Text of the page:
I have a family of five. I travel somewhat frequently for work.
United, you lost me by your horrible business practices.
I (and we) will no longer be United passengers or consumers.
In Football, QBs & RBs get all the glory, but they are nothing without their Offensive Line. In Advanced Analytics, Data Scientists capture all the headlines, but the Data Engineering team is quietly of one of the most important pieces of an Enterprise.
You want to be Data Driven? …you need Data.
Quality Data Data that can be trusted and governed
And available when needed
A Data Scientist can build the most valuable model, but it is always dependent on the data.
As teams evolve to adopt many multiple AI/ML models that depend on the same underlying data, the data pipeline(s) becomes the critical path of the business.
A strong Data Engineering team can make a huge impact on a Data/Decision Science team. Conversely, they can also create a huge drag.
The longest cycles in a ML project is the data wrangling and the production-ization of a model. Data Engineers have the opportunity to drastically reduce these areas and free the Data Scientists to focus on what they do best.
The best QBs take care of their O-Line and are known for giving extravagant gifts (cars, watches, etc.). Data Scientists aren’t star QBs making tens-of-millions, but a simple “Thank You” and acknowledgement of appreciation this holiday season can go a long way!
[UPDATE July 25, 2019: Whether you believe in man made climate change or not, the solution is the same: Gen IV nuclear. Follow Bill Gates’ lead on this. So let’s just look forward together!]. On to the orig post…
I’ve become a climate skeptic. Before you bash me, at least read why. I am absolutely open to continued, productive, positive dialogue. My opinion is absolutely subject to change, if presented with pertinent information that I’ve not seen before.
This is going to be a very unpopular post amongst many of my friends and family. But please bear with me. I am absolutely open to continued, productive, positive dialogue. My opinion is absolutely subject to change, if presented with pertinent information that I’ve not seen before.
I used to be a Global Warmist. In 2006, Al Gore’s documentary, “An Inconvenient Truth” presented a very convincing case for man’s effect on the climate and the disasters that lay ahead if we don’t change.
Around this same time, I moved to Los Angeles. The smog seen when you look at the hills or at the city from afar is disgusting. I then discovered research papers hypothesizing the correlation of air pollution to asthma.
So, while my opinions on man-made climate change have shifted, I am absolutely on-board with Clean Air initiatives, so I remain directionally-aligned with Global Warmists.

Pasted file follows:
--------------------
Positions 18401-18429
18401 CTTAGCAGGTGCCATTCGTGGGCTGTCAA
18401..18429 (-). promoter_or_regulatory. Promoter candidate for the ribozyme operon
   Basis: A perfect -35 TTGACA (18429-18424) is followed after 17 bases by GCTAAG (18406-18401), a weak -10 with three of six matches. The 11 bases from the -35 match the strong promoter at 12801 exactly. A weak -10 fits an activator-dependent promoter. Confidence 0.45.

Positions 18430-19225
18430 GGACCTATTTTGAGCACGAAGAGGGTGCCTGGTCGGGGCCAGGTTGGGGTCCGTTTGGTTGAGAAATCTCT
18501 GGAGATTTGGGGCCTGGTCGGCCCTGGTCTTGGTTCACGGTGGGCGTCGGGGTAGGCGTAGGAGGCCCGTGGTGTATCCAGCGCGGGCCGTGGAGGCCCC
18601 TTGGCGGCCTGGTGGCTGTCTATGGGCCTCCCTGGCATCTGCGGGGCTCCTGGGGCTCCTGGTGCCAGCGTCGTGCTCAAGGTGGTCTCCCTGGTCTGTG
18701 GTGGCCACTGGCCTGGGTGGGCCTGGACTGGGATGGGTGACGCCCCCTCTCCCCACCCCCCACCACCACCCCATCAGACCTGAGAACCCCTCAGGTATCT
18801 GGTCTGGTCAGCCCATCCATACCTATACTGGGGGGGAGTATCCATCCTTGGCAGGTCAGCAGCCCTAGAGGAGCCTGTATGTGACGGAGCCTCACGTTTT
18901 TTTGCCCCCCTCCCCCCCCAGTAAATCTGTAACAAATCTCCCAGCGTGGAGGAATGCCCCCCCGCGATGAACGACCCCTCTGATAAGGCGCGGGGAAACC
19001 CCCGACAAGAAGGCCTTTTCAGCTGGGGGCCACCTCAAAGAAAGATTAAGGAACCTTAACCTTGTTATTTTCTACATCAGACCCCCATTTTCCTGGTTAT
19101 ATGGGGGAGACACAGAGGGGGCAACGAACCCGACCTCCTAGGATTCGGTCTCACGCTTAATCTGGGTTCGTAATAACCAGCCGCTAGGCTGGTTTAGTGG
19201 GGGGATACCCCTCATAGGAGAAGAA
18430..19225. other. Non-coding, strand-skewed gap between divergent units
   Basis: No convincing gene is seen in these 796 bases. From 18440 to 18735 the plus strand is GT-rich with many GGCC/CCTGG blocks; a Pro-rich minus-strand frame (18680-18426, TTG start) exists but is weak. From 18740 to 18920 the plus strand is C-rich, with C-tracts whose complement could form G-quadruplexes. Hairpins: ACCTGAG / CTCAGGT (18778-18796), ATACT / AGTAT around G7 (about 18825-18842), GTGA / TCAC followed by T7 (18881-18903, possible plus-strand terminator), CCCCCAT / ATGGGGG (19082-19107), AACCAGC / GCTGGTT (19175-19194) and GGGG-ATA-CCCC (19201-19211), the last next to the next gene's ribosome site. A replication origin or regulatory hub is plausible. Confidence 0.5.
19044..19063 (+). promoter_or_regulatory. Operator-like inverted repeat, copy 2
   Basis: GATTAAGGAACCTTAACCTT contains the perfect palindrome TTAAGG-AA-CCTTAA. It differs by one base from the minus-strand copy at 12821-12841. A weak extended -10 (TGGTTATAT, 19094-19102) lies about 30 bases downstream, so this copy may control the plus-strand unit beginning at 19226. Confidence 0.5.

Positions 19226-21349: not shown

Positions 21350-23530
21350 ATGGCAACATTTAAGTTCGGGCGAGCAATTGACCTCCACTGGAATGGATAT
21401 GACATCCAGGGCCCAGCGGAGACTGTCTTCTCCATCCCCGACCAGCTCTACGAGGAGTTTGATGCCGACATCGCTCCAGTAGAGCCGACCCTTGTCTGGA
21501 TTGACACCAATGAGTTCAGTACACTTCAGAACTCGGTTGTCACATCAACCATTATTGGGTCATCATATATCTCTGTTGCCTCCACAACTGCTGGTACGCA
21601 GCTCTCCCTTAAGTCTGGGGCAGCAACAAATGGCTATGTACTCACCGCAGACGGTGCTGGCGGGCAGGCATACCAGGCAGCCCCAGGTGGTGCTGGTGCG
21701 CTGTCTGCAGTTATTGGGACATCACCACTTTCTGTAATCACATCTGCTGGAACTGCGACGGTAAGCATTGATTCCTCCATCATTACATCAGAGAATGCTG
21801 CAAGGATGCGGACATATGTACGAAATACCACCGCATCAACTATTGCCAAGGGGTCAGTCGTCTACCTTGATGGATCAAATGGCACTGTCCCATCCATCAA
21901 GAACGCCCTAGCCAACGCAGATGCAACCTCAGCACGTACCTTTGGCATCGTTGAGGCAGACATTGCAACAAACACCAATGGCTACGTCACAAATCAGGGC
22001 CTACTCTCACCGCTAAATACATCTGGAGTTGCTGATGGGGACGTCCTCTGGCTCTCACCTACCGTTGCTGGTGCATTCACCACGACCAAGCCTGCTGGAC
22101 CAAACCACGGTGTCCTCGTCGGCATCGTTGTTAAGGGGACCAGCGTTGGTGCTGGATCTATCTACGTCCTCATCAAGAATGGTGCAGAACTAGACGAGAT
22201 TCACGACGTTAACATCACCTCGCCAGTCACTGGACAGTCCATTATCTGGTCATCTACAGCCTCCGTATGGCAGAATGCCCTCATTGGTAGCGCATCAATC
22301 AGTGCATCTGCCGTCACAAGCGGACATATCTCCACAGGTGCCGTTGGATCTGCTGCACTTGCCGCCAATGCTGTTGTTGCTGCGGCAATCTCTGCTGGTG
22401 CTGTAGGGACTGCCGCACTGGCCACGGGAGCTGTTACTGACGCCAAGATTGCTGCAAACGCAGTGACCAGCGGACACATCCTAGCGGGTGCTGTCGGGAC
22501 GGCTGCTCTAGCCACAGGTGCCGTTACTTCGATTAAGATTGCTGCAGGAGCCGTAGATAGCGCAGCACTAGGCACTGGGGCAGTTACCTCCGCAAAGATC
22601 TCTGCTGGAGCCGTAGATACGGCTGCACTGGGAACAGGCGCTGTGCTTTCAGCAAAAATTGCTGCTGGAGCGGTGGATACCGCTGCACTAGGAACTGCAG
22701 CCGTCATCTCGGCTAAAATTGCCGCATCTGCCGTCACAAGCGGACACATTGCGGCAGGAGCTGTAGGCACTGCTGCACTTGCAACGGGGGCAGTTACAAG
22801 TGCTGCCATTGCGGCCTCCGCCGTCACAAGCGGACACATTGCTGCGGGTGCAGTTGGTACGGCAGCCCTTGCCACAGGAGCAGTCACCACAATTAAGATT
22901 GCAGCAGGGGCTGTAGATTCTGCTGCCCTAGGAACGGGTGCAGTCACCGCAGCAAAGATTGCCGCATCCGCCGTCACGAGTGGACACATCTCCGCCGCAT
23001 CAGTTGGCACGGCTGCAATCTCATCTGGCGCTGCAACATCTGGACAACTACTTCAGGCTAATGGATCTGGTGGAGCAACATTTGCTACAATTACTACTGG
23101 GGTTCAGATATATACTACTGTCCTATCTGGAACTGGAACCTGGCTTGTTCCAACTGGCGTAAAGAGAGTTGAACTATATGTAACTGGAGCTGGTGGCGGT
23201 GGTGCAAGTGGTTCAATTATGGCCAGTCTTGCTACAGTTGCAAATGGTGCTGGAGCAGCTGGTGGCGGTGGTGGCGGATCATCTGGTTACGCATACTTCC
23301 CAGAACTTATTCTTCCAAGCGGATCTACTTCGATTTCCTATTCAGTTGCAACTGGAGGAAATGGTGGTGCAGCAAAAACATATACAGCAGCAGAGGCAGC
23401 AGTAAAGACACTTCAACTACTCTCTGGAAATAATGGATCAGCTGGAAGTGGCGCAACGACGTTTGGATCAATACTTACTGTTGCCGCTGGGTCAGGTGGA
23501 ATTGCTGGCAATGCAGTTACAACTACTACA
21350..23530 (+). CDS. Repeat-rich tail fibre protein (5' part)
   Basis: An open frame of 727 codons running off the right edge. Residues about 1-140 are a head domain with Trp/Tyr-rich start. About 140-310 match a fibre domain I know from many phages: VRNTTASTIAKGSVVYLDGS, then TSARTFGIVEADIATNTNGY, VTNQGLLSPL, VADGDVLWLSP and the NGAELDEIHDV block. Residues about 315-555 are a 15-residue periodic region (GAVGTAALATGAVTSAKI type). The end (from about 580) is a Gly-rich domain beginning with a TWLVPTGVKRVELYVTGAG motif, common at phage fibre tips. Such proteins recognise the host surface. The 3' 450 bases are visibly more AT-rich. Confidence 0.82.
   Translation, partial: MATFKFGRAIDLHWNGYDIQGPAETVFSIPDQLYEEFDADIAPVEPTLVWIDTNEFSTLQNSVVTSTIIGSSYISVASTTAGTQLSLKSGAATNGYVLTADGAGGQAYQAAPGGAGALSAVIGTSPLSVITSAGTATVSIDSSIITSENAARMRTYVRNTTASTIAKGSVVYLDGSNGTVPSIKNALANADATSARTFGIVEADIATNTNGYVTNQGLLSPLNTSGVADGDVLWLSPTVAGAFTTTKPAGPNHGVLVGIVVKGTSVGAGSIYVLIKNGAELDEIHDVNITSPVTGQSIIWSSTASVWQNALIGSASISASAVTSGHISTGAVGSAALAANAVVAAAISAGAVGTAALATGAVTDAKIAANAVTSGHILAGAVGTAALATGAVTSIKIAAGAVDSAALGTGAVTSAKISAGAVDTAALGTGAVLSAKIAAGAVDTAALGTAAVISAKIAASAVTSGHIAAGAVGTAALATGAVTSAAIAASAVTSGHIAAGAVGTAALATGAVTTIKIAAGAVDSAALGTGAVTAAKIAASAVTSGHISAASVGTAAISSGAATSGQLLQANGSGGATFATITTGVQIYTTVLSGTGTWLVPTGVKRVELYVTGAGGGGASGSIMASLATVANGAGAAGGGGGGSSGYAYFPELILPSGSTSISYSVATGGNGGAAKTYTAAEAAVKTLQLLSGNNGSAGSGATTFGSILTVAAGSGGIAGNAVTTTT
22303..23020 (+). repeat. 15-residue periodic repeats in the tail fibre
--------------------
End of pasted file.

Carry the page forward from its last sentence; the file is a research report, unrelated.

Where I and the Global Warmists diverge is on the solution and this is really the key to everything. I (currently) do NOT believe that we are on a devastating trajectory course for Earth, as indicated by the latest reports highlighted in the mainstream media (MSM). I don’t think we should be applying huge carbon taxes on businesses (which will ultimately hit us, the consumers) and providing Governments with more money to waste.
At the very least, based on the science that I’ve come across, I’d like to see us wait a couple more years before doing anything drastic. I will lay out my thinking in this post.
For a cliff notes version, this is a great summary of a perspective that I agree with: https://youtu.be/pBbvehbomrY. This video clip is of Professor Jordan Peterson’s response to a question about the potential for climate change to be a humanity-uniting issue. Short answer (para-phrased): “No. It’s a complicated issue and there are higher priority problems to solve.”
Look, we’ve all heard the line: “97% of Scientists agree…”. That line has been over-used and over-loaded. Some media and personalities often omit the word “Climate”; I believe it’s supposed to be: “97% of Climate Scientists agree…”. And agree on what exactly? That man-made has an effect at all? Or that man has created and is the cause global warming?
My skepticism changed very slowly over time and I didn’t actually cross the line to full-blown skepticism until this year (2018).
It all started…
Back in 2011, I was at a neighbor’s bbq and I met a Geology professor at a local college or university. Somehow the topic of global warming came up and this professor was very adamant that global warming was a big crock. I was flabbergasted. I was blown away that a highly-educated person and someone in his position would think this. But honestly, I had no ground to stand on. I could not combat any argument intelligently; I only knew what I’ve heard from MSM and Al Gore’s documentary “An Inconvenient Truth”.
Also, I’d been reading ZeroHedge for a while now. It started as a financial blog in 2009, really writing about all the wrong-doings of Wall Street and how they caused the financial crisis. So, the view points are definitely anti-establishment. It’s branched out over time into politics and what not. It’s now more of a content curation or blog aggregator site, but it maintains it’s anti-establishment roots. This is where I found Martin Armstrong.
I started to follow Martin Armstrong for his economic forecasts. He has developed a computer algorithm that is widely sought after and he supposedly advises multiple foreign central banks. Full disclosure, he’s definitely right-leaning and anti-establishment, politically. His algorithms predict economic cycles. His models suggest that we are actually entering an economic downturn in correlation with a Global Cooling period. [Note, if you read his stuff, don’t conflate economic downturn with stock market prices.] In any case, since he opposes the Global Warming view, against the mainstream, he shares research that he comes across to debunk the MSM narrative.